This class seeks to increase their understanding through study of a wide range of topics relevant to Christian scholarship and life applications in the modern world.
Teachers in this class are Jim Jorden, Stan Smith, Linda Wilson, and Russell York.
This group of seekers structures themselves around the “class” concept:
A Christian Education “class” is a group of people who meet together for an extended period of time to study a series of topics. A class is a group of people with and for whom one feels an affinity and affection. A class is a group of people with whom one enjoys sharing time and study. A class is a group of people who miss you when you’re gone and welcome you back when you return.
Moreover, the class follows a study + service + fellowship model. Through these three modes of Christian worship and work the class develops cohesiveness as a group of people with and for whom any member feels an affinity and affection.
The study format followed in this class is structured discussion of material presented by expert professors – mainly video or audio lecturers for The Teaching Company. The facilitators’ main role is to establish a baseline of information (as presented in the video or audio lessons) and to guide the class as it explores the discussion questions and comments posed at each class meeting.
For its service project, the class assists St. Frederick Baptist Church in Marble Falls with assembly and delivery of “meals-on-wheels” to those in need, on the fifth Saturdays of the year.
The class is now in a pattern of having two fellowship activities each year:
- Participation in the annual all-Church-School picnic held during the Spring.
- A Christmas social gathering.
Mary Alice Dunn and Beryl Ann Owen serve as coordinators for these social functions. Jim Jorden handles administrative matters for this class.
New Study: “Mystical Traditions” by Professor Johnson
Mystical experiences and practices –- including dramatic visions, direct communication with the divine, intense spiritual quests, and hermetic lifestyles – are commonly associated with Eastern cultures. They are thought to be far removed from the monotheistic traditions of Christianity.
In these examples, we encounter a surprising truth: that each of the great three Abrahamic religious traditions-those religions that trace their origins back to the patriarch Abraham-holds the seeds for deep mystical contemplation. But what do most of us know about these mystics and the tradition they sustained?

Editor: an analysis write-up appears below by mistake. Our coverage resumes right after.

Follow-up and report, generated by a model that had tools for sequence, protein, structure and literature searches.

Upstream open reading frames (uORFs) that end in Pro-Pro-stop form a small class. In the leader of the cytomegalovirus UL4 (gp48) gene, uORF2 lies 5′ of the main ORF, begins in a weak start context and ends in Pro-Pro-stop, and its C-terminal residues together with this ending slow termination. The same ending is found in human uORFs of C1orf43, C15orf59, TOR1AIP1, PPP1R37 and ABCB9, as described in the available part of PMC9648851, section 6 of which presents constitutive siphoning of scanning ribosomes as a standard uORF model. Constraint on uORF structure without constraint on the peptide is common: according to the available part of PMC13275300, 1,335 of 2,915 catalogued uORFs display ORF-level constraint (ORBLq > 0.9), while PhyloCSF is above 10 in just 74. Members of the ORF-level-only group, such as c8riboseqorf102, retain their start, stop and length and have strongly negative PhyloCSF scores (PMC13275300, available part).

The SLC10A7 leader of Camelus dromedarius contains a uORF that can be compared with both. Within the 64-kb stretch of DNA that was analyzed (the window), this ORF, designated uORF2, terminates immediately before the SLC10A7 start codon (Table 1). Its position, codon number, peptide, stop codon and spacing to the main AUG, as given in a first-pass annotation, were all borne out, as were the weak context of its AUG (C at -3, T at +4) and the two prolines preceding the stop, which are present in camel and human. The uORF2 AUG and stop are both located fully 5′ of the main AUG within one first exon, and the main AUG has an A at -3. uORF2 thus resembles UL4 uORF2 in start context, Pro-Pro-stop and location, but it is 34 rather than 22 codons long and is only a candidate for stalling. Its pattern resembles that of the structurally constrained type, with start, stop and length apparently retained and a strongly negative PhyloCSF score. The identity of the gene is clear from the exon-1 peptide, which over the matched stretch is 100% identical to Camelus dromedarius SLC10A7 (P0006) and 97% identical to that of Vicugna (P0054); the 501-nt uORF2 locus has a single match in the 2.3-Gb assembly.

What Is Mysticism?
But what do we mean when we speak of Western mysticism? As Professor Johnson shows, there is no single or simple definition of mysticism. In some traditions, it is rooted in intellectual discipline. In others, it’s based in devotion to prayer and fasting. In still others, it’s defined by ecstatic experience-a glimpse of the divine given as a gift from above.
Just consider these diverse instances of mysticism:
- The practice of hesychasm, through which medieval Christians recited the “Jesus prayer” to invite divine revelation
Mystical Tradition introduces you to the many faces of mysticism, from renowned scholars to simple people striving for personal enlightenment, throughout the centuries. You also contemplate questions about the nature of mysticism itself: How are we to understand mysticism-as literally true, as poetically true, or as a delusion? What is the future of mysticism? As it becomes detached and popularized apart from its religious faiths, can mystical observances retain their original character?
The course also offers a thought-provoking perspective on the nature of human spirituality. As Professor Johnson demonstrates, mystical strains of thought have permeated and influenced these three great religions for centuries, despite opposition from-and, in some cases, persecution by-the mainstream religious community. As you come to see, this persistence in the face of persecution reflects something about human nature: the need to pursue ultimate knowledge and union with a transcendent power.
Study begins: April 8
|Apr 08||#1 A Way into the Mystic Ways of the West||Jim Jorden|
|Apr 15||#2 Family Resemblances and Differences||Linda Wilson|
|Apr 22||#3 The Biblical Roots of Western Mysticism||Russell York|
|Apr 29||#13 Mystical Elements in the New Testament||Stan Smith|
|May 06||#14 Gnostic Christianity||Linda Wilson|
|May 13||#15 The Spirituality of the Desert||Russell York|
|May 20||#16 Shaping Christian Mysticism in the East||Jim Jorden|
|May 27||#17 Eastern Monks and the Hesychastic Tradition||Stan Smith|
|Jun 03||#18 The Mysticism of Western Monasticism||Linda Wilson|
|Jun 10||#19 Medieval Female Mystics||Russell York|
|Jun 17||#20 Mendicants as Mystics||Jim Jorden|
|Jun 24||#21 English Mystics of the 14th Century||Stan Smith|
|Jul 01||#22 15th– and 16th-Century Spanish Mystics||Russell York|
|Jul 08||#23 Mysticism among Protestant Reformers||Linda Wilson|
|Jul 15||#24 Mystical Expressions in Protestantism||Jim Jorden|
|Jul 22||#25 20th– Century Mystics||Stan Smith|
|Jul 29||#36 Mysticism in the West Today||Russell York|